) and Luna®
Universal Probe qPCR Master Mix (New England Biolabs, Frankfurt am Main, Germany). Amplification conditions were as follows: initial denaturation for 60 s at 95 °C, followed by 40 cycles of 15 s at 95 °C and 30 s at 60 °C. All samples were run in duplicates and CQ values were analyzed using qBaseplus v2.4 (Biogazelle) and normalized relative quantities were calculated by normalizing the data to the expression of previously validated endogenous control genes as described in reference [26
2.9. Protein Lysates, SDS-PAGE and Western Blot
Tendon-like constructs were washed in PBS, lysed and homogenized in ice cold RIPA buffer (Sigma-Aldrich, Vienna, Austria) supplemented with protease inhibitor cocktail (Sigma-Aldrich, Vienna, Austria; with final concentrations of AEBSF (4-(2-Aminoethyl)benzensulfonylfluorid) at 1.04 mM, Aprotinin at 0.8 µM, Bestatin at 40 µM, Leupeptin at 20 µM, E-64 at 14 µM, and Pepstatin A at 15 µM) and 1× phosphatase inhibitor cocktail 3 (Sigma Aldrich, Vienna, Austria). 10 to 20 µg of total protein was separated on 10–12% TGX Stain-freeTM
polyacrylamide gels (Biorad, Munich, Germany) in Laemmli buffer [27
]. Proteins were then transferred to a polyvinylidene fluoride (PVDF) membrane (Biorad, Munich, Germany) and subsequently membranes were blocked for 2 h in 5% BSA in Tris buffered saline with 0.05% Tween 20 (subsequently referred to as TBST). Membranes were probed O/N at 4 °C in primary antibodies (mouse ani-ERK1/2; 1:1000; R&D Systems and rabbit anti-phospho-p44/42 ERK1/2 (Thr202/Tyr204), 1:2000; Cell Signaling Technologies) in a blocking solution. After washing membranes in TBST, membranes were probed with appropriate peroxidase-conjugated secondary antibodies in TBST for 1h at RT. After final washing, blots were developed using a Chemidoc MP Imaging System and the Clarity Western ECL substrate (Biorad, Munich, Germany).
2.10. Cryo-Embedding and Sectioning
Tendon-like constructs were washed in PBS and fixed in 4% paraformaldehyde for 1h at RT, washed twice for 15 min in PBS, incubated serially O/N in 15% (w/v) sucrose in PBS, O/N in 30% (w/v) sucrose in PBS, and O/N in a 1:1 mixture of 30% sucrose and Surgipath® FSC22® Frozen section compound (Leica Microsystems, Vienna, Austria). Finally, constructs were cryoembedded in Surgipath® FSC22® Frozen section compound on dry ice and stored at −80 °C until further use. Sectioning (10 and 20 µm sections) was done with a CM1950 Cryostat microtome (Leica Microsystems, Vienna, Austria).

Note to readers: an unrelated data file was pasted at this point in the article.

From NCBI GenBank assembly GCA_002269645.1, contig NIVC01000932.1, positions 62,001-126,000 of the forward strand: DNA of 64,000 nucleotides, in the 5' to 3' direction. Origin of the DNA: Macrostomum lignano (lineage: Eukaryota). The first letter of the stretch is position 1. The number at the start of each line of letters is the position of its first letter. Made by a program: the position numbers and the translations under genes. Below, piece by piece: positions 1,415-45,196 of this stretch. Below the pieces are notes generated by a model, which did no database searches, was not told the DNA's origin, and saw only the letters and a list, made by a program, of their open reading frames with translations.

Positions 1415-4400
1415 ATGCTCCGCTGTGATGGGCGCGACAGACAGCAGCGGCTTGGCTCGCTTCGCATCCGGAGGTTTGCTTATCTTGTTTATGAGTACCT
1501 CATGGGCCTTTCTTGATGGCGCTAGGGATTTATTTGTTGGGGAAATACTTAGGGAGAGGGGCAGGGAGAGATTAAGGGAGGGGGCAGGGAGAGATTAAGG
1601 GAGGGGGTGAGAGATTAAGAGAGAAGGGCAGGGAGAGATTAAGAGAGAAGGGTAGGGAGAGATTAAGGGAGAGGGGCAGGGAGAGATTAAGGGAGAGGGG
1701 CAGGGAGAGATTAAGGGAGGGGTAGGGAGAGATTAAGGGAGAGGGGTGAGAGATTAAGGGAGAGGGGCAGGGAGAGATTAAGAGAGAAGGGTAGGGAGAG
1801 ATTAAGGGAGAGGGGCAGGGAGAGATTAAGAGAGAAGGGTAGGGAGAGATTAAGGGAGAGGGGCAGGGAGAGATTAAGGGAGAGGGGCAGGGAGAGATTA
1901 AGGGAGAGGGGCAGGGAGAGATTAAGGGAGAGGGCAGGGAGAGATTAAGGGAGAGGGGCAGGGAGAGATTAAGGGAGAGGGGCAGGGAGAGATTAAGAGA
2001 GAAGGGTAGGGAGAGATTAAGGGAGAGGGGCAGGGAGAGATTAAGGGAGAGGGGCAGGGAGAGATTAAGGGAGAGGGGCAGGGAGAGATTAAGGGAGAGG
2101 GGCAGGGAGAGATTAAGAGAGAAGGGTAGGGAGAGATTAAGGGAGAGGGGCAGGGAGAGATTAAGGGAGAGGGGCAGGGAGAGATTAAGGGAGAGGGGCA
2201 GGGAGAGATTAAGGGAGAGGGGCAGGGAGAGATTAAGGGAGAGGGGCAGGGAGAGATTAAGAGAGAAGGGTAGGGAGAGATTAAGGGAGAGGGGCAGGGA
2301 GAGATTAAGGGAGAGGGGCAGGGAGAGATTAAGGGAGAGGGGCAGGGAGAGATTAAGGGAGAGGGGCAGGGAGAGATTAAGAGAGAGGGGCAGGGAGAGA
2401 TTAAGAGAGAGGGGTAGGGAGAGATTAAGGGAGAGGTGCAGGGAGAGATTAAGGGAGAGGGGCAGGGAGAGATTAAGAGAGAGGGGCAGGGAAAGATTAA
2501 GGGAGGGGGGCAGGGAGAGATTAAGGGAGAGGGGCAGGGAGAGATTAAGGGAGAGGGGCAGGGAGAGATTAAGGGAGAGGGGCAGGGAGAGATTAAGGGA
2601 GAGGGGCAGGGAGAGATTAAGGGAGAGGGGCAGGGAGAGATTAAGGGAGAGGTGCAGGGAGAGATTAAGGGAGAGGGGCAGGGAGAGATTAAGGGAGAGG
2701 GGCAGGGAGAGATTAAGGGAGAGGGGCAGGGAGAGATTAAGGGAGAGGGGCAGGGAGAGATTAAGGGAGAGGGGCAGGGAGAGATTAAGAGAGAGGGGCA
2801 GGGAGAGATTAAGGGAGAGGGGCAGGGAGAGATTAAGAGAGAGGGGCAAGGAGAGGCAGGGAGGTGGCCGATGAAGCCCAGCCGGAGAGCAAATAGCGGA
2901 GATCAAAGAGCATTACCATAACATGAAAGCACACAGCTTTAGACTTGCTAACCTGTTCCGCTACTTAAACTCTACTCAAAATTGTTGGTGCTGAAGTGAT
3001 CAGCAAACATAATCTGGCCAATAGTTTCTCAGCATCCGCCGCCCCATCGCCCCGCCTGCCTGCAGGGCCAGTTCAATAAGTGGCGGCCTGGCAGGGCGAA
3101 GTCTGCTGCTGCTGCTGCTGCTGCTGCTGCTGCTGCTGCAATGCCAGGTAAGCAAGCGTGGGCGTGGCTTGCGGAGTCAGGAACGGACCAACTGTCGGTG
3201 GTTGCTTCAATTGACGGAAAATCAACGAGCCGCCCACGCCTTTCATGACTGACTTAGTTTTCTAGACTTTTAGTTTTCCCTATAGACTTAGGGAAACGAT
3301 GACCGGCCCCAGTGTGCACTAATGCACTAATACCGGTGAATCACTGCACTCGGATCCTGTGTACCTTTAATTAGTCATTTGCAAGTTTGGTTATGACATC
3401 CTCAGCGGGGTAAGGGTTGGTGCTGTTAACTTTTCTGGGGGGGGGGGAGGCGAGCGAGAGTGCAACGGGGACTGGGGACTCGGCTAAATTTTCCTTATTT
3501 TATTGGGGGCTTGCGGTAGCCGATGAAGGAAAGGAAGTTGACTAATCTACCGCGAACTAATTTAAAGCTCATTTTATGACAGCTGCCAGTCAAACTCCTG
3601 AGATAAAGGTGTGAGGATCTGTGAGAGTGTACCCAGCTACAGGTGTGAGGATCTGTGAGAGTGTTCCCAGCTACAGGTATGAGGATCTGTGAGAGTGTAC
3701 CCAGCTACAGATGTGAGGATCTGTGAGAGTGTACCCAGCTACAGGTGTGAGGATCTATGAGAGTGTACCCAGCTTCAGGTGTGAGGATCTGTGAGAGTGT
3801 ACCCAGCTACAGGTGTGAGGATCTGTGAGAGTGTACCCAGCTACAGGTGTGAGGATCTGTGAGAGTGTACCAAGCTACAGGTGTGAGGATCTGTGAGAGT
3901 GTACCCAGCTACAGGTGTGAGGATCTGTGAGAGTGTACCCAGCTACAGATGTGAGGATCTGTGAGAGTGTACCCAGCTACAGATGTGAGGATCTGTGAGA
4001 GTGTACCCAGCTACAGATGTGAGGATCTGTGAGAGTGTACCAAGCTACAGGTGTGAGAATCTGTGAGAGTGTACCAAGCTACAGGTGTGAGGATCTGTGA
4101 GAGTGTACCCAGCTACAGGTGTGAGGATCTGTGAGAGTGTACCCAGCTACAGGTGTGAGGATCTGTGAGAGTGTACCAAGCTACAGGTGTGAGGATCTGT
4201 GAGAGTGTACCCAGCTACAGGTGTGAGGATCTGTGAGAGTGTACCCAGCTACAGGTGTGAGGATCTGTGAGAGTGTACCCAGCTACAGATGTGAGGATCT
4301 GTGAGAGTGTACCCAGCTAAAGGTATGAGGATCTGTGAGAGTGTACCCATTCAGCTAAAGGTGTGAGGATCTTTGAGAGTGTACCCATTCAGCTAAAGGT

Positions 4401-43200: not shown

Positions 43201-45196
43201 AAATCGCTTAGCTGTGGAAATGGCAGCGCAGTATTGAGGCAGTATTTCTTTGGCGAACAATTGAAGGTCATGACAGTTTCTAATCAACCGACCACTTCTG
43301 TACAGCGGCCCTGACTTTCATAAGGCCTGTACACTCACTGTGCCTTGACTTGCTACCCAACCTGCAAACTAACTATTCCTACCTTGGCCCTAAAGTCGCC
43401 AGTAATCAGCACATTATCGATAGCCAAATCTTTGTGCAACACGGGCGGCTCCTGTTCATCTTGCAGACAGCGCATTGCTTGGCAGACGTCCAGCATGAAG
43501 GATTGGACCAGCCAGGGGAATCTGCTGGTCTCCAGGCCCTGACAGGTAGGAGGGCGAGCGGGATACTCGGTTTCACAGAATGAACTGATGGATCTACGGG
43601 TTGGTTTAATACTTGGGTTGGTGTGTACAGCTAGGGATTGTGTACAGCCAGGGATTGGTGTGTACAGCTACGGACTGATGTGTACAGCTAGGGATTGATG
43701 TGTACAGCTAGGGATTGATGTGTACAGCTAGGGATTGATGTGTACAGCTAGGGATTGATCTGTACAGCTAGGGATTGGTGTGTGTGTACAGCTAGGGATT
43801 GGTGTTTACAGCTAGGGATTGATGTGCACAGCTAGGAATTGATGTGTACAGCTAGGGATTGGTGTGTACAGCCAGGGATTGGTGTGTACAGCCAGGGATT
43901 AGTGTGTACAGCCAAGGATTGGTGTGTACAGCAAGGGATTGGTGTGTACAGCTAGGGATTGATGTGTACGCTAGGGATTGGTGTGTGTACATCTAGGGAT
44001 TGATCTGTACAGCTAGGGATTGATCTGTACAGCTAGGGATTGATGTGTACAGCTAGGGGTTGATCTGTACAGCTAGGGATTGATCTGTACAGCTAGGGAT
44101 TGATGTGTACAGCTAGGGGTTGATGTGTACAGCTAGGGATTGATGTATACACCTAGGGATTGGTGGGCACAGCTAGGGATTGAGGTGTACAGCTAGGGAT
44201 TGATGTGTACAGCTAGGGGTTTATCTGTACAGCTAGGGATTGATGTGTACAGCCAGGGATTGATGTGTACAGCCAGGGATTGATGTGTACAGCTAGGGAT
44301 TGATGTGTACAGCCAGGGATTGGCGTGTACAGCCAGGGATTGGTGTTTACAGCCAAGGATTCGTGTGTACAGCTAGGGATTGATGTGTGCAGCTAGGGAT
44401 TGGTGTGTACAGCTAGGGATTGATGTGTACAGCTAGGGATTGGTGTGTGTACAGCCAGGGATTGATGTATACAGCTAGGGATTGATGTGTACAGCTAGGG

2.11. TUNEL Staining and Caspase3/7 Activity Assay
Determination of apoptosis was performed by staining of cryosections with the In Situ Cell Death Detection Kit, Fluorescein (Roche, Vienna, Austria) according to the manufacturer´s recommendations. Quantification of TUNEL staining was performed using ImageJ software ImageJ software v. 150a [28
]. Caspase3/7 activity was measured using protein lysates of tendon-like constructs and the Caspase-Glo®
3/7 Assay (Promega, Vienna, Austria).
2.12. Quantification of Nuclear Aspect Ratio, Cell Orientation and Collagen Density
Polarization microscopy was used for the determination of the type I collagen fiber orientation and packing density. Birefringence intensity was measured by quantification of average pixel intensity using ImageJ software v. 150a [28
]. For polarization microscopy, unstained sections of tendon-like constructs were imaged using a 10× or 16× objective equipped with a polarization filter mounted on an Axioplan microscope (Carl Zeiss, Jena, Germany). Cell orientation was determined by calculation of the nuclear aspect ratio [29
] and the angular deviation of stress fiber orientation on sections stained with rhodamine-phalloidin.
2.13. Interleukin-6 ELISA and Quantification of NO Production